Tuesday, February 14, 2012

How To Handle Peer Over Stepping

In a world where there are so many creative minds all in one room, many times your peers don't realize that they're crossing the line from suggestion to direction.  I'm always open to suggestion.  If you can improve on something, why not?  But when your peer is actually giving you direction and over stepping the boundaries, something needs to be said.

I had this happen a few months back where the stylist of a production I was working on was doing a lot of over stepping.  He felt that because he was friends with the director of the project, that he can tell me what to do.  He was pushy, loved to hover instead of doing what he was originally there to do and I even caught him "adjusting" makeup & hair! As many of you know me, I wasn't having it.  I took steps to make him aware that he was over stepping his boundaries.  Sometimes following these steps works and sometimes it doesn't.  Whether you want to deal with it or not is completely up to you.  Here's what I did:

  • I spoke to the AD (Assistant Director) about how I felt.  She pulled him aside and expressed how I felt (that didn't work).
  • I spoke to the 2nd AD (that didn't work either).
  • I pulled him aside myself and expressed how I didn't appreciate his constant over stepping (that worked for all of 2 days).
In the end, the production and I didn't see eye to eye so it didn't work out, but I can't say that I never said my piece.  It works the same in photoshoots.  Be open to suggestion but the minute it feels like someone is over stepping, stand your ground.  If one runs you over, they all will and you've lost all control of the situation, and that's never good.  You don't have to be mean about it, but a simple "I appreciate your input and I'm very open to suggestions but I feel that you're trying to take over creatively...."  That may or may not work and it may or may not feel tense for a while but you have to express how you feel.  You were hired for a reason and that's to do makeup.  Because the client trusts that you can execute the job.  If they wanted wardrobe to do it, they would of hired them.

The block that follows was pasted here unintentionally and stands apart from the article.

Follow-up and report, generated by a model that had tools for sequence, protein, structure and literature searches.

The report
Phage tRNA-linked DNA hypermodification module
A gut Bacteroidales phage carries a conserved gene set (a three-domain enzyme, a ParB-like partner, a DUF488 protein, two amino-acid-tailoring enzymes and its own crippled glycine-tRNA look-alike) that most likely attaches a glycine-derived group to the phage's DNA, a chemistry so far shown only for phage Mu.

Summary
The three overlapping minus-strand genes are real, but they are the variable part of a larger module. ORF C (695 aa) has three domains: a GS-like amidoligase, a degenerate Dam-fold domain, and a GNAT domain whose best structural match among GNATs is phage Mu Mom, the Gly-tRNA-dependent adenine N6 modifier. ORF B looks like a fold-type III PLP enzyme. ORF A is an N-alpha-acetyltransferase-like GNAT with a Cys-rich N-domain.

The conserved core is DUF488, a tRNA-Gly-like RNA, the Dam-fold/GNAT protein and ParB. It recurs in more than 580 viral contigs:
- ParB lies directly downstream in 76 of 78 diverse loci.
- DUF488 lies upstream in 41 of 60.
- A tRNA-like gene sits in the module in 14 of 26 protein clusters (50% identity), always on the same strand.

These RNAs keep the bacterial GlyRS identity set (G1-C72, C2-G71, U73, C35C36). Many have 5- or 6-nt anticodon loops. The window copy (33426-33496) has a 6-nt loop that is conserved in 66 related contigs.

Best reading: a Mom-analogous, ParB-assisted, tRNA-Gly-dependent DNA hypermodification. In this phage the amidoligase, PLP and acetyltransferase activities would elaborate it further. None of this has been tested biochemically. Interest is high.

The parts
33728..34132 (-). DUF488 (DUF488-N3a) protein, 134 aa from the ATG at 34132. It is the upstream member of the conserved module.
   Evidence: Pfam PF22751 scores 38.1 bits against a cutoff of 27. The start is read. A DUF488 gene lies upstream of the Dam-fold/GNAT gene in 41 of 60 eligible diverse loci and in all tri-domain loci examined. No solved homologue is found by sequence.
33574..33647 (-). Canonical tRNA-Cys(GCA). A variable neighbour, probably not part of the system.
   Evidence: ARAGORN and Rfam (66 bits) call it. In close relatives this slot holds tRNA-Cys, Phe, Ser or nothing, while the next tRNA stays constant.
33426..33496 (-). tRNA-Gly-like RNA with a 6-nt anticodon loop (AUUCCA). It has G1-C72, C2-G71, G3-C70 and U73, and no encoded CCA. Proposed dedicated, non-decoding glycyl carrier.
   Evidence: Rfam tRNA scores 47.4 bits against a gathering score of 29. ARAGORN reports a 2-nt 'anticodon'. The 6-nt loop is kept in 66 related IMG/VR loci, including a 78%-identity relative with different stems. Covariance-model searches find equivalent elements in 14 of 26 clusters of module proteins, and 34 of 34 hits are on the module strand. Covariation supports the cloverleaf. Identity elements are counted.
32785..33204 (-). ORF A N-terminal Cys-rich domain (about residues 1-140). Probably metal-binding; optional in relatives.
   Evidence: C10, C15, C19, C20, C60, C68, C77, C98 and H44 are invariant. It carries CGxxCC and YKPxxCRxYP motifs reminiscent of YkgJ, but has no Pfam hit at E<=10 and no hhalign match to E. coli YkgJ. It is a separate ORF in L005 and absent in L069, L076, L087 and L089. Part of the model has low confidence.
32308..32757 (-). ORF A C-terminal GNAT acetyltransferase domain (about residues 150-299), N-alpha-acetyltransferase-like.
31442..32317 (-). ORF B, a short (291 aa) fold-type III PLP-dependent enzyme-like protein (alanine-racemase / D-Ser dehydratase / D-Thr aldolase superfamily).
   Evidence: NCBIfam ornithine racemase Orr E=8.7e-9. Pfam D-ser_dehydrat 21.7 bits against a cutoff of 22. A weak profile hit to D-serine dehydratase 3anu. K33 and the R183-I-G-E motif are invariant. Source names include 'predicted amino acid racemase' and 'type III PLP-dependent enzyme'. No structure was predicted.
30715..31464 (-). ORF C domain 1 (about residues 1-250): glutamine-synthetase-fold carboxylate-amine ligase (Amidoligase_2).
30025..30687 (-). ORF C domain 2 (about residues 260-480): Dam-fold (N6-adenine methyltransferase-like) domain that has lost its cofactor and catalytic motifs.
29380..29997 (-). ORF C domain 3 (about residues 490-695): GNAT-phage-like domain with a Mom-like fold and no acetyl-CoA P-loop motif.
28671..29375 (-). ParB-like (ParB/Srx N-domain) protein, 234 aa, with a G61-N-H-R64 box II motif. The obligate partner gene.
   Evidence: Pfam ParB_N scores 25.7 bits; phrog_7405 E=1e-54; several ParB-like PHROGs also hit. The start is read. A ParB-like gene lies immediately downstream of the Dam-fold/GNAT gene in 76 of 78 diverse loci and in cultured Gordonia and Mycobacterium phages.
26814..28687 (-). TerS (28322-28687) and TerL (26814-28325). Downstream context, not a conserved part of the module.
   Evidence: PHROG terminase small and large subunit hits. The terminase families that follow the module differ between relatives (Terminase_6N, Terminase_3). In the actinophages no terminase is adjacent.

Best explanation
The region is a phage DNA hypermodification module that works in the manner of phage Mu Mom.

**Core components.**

A Little Extra...
Did you know that in the real (union) world of TV/Film if anyone over steps their boundaries you can be fired on the spot?  Whether it's hair or makeup or props, you're there to do what you were hired for and in no way are you to over step or give any kind of suggestion (unless you're the director, producer etc).  A friend of mine who's in the union told me a story about a makeup artist who lint rolled the actor (that's wardrobe's job).  Although she meant well, she over stepped and was heavily reprimanded.  If you're makeup, you're makeup.  That's it!  You can't go around handing out bobby pins (that's hair) or giving out band aids (that's props).  Take care of what you were hired to do and everything will go smoothly.


  1. This is great. I've seen a lot of unprofessional behavior in the media world, and a lot of it stems from people who think that their whole team is supposed to wear multiple hats. A truly pro set, even if it pays nothing, has a defined role and tasks for each member of the team, and they shouldn't overlap. That's just inefficient.
    What's silly about that is if you're doing a less professional shoot for experience, you're not even GETTING good experience- because instead of focusing on your role, you're busy helping others do theirs.

  2. Unrelated, I just wanted to say that "Douchebaguette" might be one of the funniest names I have ever seen online....^^^^

    Great talking points as usual, Yosell!